The Lamniformes (from the Greek word, Lamna "fish of prey") are an order of sharks commonly known as mackerel sharks (which may also refer specifically to the family Lamnidae). It includes some of the most familiar species of sharks, such as the great white and extinct megalodon[2], as well as more unusual representatives, such as the goblin shark and megamouth shark.

Temporal range: 112.6–Recent Ma[1]
Great white shark, Carcharodon carcharias
Scientific classification
Kingdom: Animalia
Phylum: Chordata
Class: Chondrichthyes
Subclass: Elasmobranchii
Infraclass: Euselachii
Superorder: Selachimorpha
Order: Lamniformes
L. S. Berg, 1958

See Text

Members of the order are distinguished by possessing two dorsal fins, an anal fin, five gill slits, eyes without nictitating membranes, and a mouth extending behind the eyes. Also, unlike other sharks, they maintain a higher body temperature than the surrounding water.[3]


The order Lamniformes includes 10 families with 22 species, with a total of seven living families and 17 living species:

Order Lamniformes

Family Image Common name Genera Species Description
Alopiidae Thresher sharks 1 3[6] Thresher sharks are large sharks found in temperate and tropical oceans around the world. The common name refers to its distinctive, thresher-like tail or caudal fin which can be as long as the body of the shark itself.
Cetorhinidae Basking sharks 1 1 The basking shark is the second largest living fish, after the whale shark, and the second of three plankton-eating sharks, the other two being the whale shark and megamouth shark. It is a cosmopolitan migratory species, found in all the world's temperate oceans. It is generally a harmless filter feeder with a greatly enlarged mouth, which cruises leisurely over huge distances covering three miles every hour. During each of those hours, it strains about 1.5 million l of water through more than 5,000 gill rakers for plankton.[7] Basking sharks have long been a commercially important fish, as a source of food, shark fin, animal feed, and shark liver oil. Overexploitation has reduced its populations to the point where some have disappeared and others need protection.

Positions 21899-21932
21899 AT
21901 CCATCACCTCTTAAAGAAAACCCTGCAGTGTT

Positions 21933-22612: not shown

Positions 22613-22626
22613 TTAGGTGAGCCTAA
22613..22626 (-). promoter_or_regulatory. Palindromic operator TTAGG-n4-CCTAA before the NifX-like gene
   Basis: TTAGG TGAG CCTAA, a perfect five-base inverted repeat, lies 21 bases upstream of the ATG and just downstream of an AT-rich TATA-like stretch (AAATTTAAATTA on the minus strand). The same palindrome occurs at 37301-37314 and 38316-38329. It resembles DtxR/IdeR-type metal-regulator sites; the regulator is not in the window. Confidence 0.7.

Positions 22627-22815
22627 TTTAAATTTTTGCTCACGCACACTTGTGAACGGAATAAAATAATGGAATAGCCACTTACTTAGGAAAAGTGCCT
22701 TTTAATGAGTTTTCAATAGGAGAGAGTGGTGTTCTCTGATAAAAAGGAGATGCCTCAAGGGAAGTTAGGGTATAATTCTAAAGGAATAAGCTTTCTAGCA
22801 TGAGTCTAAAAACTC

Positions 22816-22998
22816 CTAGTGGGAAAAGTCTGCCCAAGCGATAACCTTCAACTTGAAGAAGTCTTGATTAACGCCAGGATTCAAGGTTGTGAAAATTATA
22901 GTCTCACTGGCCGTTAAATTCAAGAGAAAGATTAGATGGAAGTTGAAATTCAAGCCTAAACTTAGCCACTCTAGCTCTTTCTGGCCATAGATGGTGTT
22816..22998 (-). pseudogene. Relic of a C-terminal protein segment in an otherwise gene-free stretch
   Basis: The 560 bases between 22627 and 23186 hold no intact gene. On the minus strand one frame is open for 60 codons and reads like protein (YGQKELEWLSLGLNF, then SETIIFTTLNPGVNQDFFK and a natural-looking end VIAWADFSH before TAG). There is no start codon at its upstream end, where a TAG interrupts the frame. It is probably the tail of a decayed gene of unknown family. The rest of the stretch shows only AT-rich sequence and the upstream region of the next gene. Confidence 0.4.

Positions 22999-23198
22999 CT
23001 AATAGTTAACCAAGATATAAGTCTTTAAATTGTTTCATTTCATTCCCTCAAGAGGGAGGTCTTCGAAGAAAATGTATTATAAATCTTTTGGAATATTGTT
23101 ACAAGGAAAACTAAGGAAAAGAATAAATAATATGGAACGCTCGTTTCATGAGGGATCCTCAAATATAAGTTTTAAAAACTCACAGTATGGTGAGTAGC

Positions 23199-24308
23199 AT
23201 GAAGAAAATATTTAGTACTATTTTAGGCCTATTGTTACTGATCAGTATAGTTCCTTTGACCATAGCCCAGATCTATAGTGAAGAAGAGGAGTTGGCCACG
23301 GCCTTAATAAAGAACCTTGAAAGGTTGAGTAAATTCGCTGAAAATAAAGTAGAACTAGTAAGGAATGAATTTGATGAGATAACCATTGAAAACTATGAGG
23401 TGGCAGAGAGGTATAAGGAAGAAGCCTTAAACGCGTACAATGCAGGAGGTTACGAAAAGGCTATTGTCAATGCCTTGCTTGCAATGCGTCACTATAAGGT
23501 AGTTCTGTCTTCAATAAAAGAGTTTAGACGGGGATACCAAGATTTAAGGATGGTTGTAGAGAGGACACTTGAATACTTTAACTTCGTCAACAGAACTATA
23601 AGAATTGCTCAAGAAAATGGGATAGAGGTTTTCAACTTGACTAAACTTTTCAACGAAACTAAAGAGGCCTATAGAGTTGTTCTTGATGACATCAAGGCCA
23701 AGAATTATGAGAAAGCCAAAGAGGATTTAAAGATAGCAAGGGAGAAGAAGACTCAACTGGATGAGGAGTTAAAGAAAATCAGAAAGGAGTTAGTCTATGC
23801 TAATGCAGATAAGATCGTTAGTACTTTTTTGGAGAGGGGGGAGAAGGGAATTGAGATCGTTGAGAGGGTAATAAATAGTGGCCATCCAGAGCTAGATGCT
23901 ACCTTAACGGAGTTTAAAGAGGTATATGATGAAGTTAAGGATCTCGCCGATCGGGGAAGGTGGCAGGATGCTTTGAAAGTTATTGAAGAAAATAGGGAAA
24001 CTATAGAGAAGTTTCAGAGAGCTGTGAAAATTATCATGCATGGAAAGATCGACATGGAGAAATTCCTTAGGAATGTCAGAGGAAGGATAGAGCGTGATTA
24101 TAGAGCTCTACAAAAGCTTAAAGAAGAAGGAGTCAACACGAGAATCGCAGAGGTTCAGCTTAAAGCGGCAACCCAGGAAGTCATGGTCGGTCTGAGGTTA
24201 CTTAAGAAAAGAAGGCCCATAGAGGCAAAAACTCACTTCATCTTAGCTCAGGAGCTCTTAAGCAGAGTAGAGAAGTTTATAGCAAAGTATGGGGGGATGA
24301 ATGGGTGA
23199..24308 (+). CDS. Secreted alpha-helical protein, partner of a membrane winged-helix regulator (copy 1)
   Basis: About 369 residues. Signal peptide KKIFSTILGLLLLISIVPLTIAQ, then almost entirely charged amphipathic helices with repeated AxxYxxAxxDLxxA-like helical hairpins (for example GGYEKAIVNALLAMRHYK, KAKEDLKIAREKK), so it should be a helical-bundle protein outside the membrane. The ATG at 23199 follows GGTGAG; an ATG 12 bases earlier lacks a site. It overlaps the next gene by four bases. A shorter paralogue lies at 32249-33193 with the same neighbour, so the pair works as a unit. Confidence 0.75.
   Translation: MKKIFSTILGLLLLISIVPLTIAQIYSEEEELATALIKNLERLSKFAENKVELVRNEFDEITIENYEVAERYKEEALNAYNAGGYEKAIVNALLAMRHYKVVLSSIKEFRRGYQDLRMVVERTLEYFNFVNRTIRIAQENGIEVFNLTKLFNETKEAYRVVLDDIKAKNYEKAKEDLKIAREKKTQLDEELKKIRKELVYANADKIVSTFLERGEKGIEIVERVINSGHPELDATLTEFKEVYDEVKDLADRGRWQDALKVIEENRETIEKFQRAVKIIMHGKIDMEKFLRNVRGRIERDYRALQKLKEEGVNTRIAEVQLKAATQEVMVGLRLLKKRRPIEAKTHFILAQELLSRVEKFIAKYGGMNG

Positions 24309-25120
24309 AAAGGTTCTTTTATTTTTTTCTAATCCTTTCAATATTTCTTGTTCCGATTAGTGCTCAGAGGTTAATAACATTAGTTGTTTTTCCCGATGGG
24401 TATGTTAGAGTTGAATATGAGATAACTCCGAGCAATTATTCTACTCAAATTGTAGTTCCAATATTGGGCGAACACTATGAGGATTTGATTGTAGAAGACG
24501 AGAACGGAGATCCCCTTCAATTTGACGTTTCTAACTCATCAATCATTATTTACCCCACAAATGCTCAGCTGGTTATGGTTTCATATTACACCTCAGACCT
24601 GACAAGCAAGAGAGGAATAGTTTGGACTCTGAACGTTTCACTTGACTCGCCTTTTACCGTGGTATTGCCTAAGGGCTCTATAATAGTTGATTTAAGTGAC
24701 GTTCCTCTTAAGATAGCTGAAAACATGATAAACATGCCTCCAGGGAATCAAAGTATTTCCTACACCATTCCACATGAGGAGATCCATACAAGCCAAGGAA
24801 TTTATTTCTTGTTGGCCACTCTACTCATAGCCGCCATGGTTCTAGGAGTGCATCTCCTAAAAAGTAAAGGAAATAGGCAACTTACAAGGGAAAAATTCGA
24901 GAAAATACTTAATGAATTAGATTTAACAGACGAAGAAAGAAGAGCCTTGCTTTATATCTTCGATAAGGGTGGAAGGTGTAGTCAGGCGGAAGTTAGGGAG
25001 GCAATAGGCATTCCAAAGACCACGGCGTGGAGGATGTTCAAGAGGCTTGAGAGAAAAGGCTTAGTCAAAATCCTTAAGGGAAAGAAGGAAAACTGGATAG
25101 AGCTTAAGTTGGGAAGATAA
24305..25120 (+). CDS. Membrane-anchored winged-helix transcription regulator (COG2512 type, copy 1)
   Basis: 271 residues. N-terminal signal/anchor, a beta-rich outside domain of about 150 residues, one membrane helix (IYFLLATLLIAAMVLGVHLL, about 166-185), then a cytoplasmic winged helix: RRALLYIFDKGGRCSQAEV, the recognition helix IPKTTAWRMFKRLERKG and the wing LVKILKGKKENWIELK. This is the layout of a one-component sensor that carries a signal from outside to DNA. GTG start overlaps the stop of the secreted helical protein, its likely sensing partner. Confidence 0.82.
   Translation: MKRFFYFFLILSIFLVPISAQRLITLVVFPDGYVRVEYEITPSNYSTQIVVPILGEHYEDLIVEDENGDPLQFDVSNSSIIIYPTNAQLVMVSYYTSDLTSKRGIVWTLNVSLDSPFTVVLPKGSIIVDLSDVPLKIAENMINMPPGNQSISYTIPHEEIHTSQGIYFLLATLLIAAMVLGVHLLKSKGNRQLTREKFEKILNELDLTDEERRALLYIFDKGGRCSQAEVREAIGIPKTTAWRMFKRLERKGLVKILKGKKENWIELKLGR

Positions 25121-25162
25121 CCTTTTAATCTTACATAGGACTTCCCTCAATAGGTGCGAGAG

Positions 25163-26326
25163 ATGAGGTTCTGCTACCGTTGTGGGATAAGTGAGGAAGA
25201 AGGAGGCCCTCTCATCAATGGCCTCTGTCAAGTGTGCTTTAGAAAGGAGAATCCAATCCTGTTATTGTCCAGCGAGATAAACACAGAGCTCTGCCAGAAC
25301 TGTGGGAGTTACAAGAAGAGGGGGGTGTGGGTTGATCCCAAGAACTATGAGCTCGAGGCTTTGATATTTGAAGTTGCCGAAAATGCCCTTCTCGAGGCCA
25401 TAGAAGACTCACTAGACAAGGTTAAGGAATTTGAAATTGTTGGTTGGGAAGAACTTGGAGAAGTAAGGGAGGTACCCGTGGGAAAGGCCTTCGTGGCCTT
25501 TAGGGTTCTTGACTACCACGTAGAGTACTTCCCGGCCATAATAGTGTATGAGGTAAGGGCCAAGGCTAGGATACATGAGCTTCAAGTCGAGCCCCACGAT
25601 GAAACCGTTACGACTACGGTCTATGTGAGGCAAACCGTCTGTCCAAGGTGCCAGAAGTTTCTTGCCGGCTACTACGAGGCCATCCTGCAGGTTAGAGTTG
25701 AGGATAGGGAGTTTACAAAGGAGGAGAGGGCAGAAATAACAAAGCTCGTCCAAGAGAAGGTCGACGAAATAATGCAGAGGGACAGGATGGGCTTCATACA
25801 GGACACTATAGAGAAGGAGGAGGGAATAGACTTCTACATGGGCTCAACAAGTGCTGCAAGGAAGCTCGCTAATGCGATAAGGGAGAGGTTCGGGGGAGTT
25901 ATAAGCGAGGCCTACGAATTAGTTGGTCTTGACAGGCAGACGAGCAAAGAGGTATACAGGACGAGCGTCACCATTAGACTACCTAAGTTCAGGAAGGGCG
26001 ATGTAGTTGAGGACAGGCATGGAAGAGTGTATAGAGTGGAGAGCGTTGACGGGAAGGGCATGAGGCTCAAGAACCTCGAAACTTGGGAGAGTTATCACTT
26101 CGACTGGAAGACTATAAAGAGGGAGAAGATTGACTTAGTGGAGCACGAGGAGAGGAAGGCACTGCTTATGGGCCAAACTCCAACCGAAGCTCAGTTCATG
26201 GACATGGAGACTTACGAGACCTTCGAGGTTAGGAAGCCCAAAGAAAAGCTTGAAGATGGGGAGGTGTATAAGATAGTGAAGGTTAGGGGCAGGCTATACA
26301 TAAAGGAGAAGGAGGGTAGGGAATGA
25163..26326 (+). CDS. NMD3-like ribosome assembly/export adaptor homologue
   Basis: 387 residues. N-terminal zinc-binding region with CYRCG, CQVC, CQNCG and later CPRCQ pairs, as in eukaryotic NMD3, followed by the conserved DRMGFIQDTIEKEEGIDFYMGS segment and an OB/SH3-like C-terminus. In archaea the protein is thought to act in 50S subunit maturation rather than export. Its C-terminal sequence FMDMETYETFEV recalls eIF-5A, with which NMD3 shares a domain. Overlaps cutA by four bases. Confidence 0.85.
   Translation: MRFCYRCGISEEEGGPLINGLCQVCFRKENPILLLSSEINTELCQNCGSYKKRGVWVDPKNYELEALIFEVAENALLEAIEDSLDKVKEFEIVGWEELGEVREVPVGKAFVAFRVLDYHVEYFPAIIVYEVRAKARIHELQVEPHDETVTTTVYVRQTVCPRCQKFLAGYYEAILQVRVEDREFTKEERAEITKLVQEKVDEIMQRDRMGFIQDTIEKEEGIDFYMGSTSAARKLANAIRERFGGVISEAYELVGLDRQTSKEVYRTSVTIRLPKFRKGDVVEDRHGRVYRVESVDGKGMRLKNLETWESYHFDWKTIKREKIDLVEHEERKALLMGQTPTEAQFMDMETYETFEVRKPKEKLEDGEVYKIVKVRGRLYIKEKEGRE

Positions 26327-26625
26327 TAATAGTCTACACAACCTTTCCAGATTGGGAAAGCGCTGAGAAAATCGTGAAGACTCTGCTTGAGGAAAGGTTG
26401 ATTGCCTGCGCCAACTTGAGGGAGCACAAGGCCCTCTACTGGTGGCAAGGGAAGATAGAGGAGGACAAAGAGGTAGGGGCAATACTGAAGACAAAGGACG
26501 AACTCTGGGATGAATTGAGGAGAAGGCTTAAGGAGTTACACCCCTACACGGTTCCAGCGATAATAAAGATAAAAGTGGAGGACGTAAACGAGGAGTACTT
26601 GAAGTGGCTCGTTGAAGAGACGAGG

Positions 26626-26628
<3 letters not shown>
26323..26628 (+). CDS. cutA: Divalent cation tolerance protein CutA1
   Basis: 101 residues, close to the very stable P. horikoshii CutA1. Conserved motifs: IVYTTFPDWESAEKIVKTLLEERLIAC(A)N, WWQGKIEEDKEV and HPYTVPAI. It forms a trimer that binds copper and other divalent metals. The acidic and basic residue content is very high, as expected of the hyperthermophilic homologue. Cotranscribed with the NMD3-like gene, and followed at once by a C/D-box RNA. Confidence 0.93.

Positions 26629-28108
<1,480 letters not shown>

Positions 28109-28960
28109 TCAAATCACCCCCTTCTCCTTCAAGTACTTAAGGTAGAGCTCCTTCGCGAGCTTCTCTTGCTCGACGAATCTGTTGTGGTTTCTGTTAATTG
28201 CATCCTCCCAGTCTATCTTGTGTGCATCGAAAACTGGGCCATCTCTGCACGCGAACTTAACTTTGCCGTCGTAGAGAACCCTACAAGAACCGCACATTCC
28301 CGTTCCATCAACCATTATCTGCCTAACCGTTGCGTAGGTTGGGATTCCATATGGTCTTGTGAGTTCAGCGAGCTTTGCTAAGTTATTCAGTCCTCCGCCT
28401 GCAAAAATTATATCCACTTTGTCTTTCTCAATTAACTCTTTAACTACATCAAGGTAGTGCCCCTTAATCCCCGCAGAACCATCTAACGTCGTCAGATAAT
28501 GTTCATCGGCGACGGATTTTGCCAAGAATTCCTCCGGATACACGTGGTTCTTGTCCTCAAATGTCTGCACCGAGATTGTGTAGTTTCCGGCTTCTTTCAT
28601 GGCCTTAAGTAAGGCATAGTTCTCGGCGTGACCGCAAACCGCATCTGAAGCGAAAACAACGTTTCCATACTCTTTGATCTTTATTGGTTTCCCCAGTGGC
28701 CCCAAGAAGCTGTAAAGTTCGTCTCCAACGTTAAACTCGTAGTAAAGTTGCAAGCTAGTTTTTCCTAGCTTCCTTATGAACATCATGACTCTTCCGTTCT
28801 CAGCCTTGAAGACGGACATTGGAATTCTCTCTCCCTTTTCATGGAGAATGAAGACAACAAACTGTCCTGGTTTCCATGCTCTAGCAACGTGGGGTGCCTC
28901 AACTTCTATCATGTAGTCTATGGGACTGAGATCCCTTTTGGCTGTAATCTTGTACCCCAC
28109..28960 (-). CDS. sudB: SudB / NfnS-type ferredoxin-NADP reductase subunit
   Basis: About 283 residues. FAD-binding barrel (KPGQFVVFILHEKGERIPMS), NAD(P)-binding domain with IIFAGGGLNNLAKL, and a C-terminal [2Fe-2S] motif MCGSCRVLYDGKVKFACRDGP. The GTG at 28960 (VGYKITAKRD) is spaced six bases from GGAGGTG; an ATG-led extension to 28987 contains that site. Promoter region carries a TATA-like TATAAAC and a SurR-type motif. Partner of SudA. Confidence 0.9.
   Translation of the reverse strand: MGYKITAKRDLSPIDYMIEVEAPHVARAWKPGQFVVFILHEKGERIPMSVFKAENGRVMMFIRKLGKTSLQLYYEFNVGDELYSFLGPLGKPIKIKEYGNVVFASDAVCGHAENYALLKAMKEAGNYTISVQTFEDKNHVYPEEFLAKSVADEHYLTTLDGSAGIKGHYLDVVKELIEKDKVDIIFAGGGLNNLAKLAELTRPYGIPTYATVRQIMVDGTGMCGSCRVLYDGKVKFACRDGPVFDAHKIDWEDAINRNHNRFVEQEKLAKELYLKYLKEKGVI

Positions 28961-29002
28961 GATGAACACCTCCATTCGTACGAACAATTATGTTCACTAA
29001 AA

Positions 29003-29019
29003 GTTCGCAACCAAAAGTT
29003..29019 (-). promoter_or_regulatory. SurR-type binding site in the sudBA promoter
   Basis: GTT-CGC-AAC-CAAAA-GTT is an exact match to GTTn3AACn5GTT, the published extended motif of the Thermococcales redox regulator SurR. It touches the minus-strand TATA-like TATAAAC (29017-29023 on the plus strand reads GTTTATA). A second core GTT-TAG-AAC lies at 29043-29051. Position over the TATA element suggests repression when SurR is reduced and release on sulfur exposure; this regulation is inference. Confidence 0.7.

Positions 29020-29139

Lamnidae Mackerel sharks 3 5 Mackerel sharks, also called white sharks, are large, fast-swimming sharks, found in oceans worldwide. They include the great white, the mako, and porbeagle shark. Mackerel sharks have pointed snouts, spindle-shaped bodies, and gigantic gill openings. The first dorsal fin is large, high, stiff and angular or somewhat rounded. The second dorsal and anal fins are minute. The caudal peduncle has a few or less distinct keels. The teeth are gigantic. The fifth gill opening is in front of the pectoral fin and spiracles are sometimes absent. They are heavily built sharks, sometimes weighing nearly twice as much as sharks of comparable length from other families. Many in the family are among the fastest-swimming fish.
Megachasmidae Megamouth sharks 1 1 The megamouth shark is an extremely rare species of deepwater shark, and the smallest of the three filter-feeding sharks. Since its discovery in 1976, only a few megamouth sharks have been seen, with 55 specimens known to have been caught or sighted as of 2012, including three recordings on film. Like the basking shark and whale shark, it is a filter feeder, and swims with its enormous mouth wide open, filtering water for plankton and jellyfish. It is distinctive for its large head with rubbery lips. It is so unlike any other type of shark that it is classified in its own family, though it may belong in the family Cetorhinidae of which the basking shark is currently the sole member.
Mitsukurinidae Goblin sharks 1 1 Goblin sharks have a distinctive long, trowel-shaped, beak-like snout, much longer than those of other sharks. The snout contains sensory organs to detect the electrical signals given off by the shark's prey.[8] They also possess long, protrusible jaws.[9] When the jaws are retracted, the shark resembles a grey nurse shark with an unusually long nose. Goblin sharks include one living genus and three extinct genera.[10] The only known living species is Mitsukurina owstoni.